A risk factor worthy of a bumper sticker?

June 4, 2007

images.jpegWhen it comes to risk factors, most companies present a laundry list that runs the gamut from garden variety lawsuits to the sky falling. But the 10-K filed by Stanley Inc. (SXE) late Friday included something that, given the news that 14 more U.S. soldiers had been killed this past weekend, seems more than hypothetical.

That’s because Stanley — not to be confused with Stanley Works (SWK) or Stanley Furniture (STLY) — is focused on defense contracts. Indeed, roughly 65% of its $409 million in revenues according to the K comes from the Department of Defense. That’s up from the 61% on revenues of $345 million that the company disclosed in the amended S-1 the company filed last October, just before it went public at $13 a share. So when the company discloses that “Our business commitments require our employees to travel to potentially dangerous places, which may result in injury to our employees” it seems like more than just another boring risk factor.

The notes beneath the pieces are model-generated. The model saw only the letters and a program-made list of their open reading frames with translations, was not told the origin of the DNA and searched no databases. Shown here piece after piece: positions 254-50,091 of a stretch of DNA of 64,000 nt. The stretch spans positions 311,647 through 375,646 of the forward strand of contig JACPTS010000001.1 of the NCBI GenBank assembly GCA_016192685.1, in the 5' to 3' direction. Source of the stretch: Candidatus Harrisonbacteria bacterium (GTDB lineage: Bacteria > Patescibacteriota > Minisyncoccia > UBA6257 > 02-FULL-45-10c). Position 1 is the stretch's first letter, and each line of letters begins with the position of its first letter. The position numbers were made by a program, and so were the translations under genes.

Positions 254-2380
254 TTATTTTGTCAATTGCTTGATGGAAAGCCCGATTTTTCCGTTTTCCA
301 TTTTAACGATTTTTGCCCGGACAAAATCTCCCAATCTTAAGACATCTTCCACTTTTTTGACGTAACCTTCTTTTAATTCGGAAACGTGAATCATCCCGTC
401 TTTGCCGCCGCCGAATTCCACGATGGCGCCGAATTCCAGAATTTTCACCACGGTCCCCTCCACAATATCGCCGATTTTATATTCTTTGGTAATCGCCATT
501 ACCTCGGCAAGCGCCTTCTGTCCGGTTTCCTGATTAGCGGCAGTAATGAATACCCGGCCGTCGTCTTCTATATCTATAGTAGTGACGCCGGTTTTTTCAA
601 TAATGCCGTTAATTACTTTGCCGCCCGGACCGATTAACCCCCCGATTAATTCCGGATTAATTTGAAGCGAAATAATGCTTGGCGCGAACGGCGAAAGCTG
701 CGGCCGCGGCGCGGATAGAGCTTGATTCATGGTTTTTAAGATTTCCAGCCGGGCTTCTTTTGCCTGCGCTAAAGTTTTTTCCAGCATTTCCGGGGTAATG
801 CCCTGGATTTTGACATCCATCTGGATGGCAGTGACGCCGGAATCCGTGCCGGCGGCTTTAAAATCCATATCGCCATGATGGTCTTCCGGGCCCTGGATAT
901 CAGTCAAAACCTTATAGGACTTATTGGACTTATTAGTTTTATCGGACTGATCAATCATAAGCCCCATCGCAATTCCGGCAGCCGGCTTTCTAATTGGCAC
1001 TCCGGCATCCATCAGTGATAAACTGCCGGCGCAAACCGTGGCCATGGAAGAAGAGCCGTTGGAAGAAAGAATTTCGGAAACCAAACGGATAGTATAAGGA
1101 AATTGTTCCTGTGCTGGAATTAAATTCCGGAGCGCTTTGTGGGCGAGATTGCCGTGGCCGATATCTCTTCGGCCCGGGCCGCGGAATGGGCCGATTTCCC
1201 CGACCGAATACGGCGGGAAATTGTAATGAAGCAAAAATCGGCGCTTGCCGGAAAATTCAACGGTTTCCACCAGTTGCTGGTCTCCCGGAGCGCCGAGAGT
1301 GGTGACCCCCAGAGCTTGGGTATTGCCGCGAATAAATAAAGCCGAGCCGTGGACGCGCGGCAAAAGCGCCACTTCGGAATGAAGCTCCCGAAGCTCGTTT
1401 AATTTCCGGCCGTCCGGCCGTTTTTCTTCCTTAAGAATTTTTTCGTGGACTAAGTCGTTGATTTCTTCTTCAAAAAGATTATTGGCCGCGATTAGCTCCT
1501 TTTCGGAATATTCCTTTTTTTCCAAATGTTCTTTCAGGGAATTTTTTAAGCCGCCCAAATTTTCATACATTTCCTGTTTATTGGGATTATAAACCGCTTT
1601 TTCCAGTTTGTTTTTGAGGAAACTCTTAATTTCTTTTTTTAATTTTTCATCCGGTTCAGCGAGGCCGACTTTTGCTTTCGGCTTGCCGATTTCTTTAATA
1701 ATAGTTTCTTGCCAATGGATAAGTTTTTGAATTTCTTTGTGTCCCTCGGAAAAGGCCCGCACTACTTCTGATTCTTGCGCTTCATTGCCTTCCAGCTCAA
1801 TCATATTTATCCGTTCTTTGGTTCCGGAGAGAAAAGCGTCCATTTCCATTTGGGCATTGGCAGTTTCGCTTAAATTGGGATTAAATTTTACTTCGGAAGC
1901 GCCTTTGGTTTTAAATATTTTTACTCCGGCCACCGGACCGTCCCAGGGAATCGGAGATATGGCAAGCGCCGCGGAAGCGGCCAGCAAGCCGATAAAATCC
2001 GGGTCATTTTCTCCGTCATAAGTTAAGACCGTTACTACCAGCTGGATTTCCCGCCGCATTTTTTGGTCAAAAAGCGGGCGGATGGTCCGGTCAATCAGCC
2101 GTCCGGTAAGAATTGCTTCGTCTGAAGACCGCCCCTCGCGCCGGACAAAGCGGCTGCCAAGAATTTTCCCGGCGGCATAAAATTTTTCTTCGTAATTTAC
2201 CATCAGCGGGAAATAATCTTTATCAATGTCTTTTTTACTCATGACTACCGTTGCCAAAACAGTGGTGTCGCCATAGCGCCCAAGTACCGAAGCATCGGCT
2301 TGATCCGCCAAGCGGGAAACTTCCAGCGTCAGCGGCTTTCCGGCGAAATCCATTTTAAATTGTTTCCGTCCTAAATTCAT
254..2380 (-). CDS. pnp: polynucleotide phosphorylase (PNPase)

Also interesting was the company’s use of the increasingly controversial words “global war on terrorism” which Democratic Presidential candidate John Edwards described as a “bumper sticker — political slogan, that’s all it is” during last night’s Democratic presidential debate. In the K, the company only referred to the “global war” three times, down from the five used in the most recent S-1. This, despite the fact that revenues from the “global war” are certainly driving Stanley.

And, now a brief programming note: over the weekend, I installed a feature that brings up stock quotes for various companies that appear on the blog. So now, when you scroll over a company’s name, it will bring up a stock quote.

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